Holding / Positioning
A magnetic particle brake is the better choice for precise holding or positioning as this would also cause a hysteresis brake to cog. A magnetic particle brake will not have any shaft movement unless the applied torque exceeds the braking torque set by the input current. A hysteresis brake can hold a shaft in position, but the amount of holding torque is lower than the sliding torque. Braking torque will ramp up as the shaft is forced to turn in either direction, reaching the sliding torque amount of about 10°. The shaft would spring back about 10° when the external torque is removed. For non-precision holding, these limitations would probably not be a problem.
Stepper Motor Testing
A brake with low inertia is best for the testing acceleration of stepper motors. A stepper motor might not be able to start moving with a very large inertial load. Use a magnetic particle brake because hysteresis brakes have about 20 times higher inertia compared to a magnetic particle brake of similarly rated torque.
If the Required Torque is Higher than Available Hysteresis Brakes
Use a magnetic particle brake if torque requirements are higher than available hysteresis brakes. For the long term, high-duty cycle applications run it at the lower half of its torque range for extended life. If the brake is sized by heat dissipation requirements, the brake might have too much torque. Under this condition, add a gearbox to better match the torque needed to the very large magnetic particle brake.
Top 5 Applications for Hysteresis Brakes
- Applications Requiring Very Precise Torque and Tension Control
Hysteresis brakes are more precise, repeatable, and have much better torque stability throughout their life than magnetic particle brakes.
- Applications that Would Cause a Magnetic Brake to Chatter
Chatter or slip-stick is a lack of smoothness that occurs when magnetic particle brakes rotate too slowly while energized.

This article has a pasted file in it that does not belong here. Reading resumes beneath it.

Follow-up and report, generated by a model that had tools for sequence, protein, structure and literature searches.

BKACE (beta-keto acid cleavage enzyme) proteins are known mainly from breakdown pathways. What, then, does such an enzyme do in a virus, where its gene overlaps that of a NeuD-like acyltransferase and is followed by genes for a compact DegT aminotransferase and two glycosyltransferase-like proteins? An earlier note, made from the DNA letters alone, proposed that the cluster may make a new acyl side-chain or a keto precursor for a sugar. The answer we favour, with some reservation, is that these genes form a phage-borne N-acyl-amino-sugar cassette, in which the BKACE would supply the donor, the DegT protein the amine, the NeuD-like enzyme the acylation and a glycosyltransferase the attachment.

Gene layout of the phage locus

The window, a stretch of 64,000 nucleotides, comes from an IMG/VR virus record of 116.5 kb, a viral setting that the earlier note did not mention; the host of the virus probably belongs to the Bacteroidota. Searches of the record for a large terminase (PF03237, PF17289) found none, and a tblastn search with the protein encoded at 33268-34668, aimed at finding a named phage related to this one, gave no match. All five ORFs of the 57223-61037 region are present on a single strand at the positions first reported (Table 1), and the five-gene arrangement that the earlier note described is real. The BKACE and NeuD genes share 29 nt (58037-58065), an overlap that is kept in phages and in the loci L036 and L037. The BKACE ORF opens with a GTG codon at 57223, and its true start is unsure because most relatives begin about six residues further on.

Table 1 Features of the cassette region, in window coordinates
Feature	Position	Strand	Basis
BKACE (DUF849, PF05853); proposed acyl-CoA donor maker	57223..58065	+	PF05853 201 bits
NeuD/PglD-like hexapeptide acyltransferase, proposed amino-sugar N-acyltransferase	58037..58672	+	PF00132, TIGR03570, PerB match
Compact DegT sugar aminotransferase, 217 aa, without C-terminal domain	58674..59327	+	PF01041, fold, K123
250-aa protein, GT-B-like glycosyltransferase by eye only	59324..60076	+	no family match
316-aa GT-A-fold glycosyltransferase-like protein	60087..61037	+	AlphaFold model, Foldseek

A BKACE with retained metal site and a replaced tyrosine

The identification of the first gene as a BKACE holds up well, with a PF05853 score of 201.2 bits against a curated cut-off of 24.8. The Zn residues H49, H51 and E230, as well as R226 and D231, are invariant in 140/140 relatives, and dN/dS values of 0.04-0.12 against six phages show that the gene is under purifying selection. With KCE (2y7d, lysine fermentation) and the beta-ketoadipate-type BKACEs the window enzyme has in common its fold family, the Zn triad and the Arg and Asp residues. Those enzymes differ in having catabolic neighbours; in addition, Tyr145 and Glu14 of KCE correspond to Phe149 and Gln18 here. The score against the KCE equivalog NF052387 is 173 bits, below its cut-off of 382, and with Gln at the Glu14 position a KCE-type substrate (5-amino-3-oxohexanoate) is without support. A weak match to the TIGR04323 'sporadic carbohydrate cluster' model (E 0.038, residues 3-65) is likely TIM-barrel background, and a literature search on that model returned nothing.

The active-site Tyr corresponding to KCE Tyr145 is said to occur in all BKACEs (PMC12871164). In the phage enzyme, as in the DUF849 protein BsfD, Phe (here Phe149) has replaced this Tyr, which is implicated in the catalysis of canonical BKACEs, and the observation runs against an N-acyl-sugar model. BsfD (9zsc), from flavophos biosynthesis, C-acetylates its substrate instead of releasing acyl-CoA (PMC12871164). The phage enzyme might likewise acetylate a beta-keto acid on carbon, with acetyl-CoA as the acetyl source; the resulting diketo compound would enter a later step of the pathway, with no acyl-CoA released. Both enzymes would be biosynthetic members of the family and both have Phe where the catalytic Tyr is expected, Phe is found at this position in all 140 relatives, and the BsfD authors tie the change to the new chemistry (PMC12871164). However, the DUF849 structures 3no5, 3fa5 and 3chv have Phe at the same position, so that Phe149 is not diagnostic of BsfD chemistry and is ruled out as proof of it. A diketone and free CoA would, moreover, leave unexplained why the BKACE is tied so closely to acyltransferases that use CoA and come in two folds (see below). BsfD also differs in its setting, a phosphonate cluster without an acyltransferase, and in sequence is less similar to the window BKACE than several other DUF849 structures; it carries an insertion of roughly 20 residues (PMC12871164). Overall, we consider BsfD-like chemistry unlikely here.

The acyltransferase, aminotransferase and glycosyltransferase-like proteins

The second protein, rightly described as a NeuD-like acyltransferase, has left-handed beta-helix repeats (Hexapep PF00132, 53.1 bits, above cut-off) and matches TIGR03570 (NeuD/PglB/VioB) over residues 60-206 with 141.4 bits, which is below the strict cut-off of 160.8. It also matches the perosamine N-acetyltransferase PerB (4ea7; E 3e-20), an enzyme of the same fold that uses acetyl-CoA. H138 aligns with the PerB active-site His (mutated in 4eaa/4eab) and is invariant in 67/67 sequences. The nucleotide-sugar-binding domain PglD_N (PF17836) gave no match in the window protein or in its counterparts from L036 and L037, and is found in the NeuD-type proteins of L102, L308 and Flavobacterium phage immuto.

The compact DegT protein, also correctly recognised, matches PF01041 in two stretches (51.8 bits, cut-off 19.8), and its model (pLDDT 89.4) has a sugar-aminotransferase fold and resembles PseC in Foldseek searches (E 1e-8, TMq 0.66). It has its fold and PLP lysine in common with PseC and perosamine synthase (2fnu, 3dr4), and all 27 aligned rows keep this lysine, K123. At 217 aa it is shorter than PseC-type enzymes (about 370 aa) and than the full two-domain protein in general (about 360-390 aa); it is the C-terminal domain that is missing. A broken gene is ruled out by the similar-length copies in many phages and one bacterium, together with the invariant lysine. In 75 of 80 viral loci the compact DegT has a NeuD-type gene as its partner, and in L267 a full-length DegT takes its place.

- High Speed / Low Torque
These conditions match the torque and heat dissipation characteristics of a hysteresis brake. A magnetic particle brake sized to dissipate the high heat would have too much torque, which would reduce accuracy. Typical examples: testing induction motors & mechanisms or high-speed web tensioning. If the duty cycle is very short a magnetic particle brake might still be a good candidate.
- Very Low RPM
Magnetic particle brakes have some slip-stick at very low RPM. Below approximately 15 RPM, use a hysteresis brake if smooth slip is important. A magnetic particle brake might still not slip smoothly enough at or below 30 RPM if the web being tensioned is very elastic, or the web path allows drooping as tension changes.
- Very Long Term, 24/7 Usage
Continuous slipping, especially at higher speeds and torque would wear a magnetic particle brake
prematurely. Wear causes torque to decrease, and stick-slip to increase. Since hysteresis brakes produce torque without physical contact, slip torque stays smooth. No wear occurs so the brake can reliably run at full rated torque, and at full heat dissipation limits, for almost unlimited time.
Works Cited: Placid Industries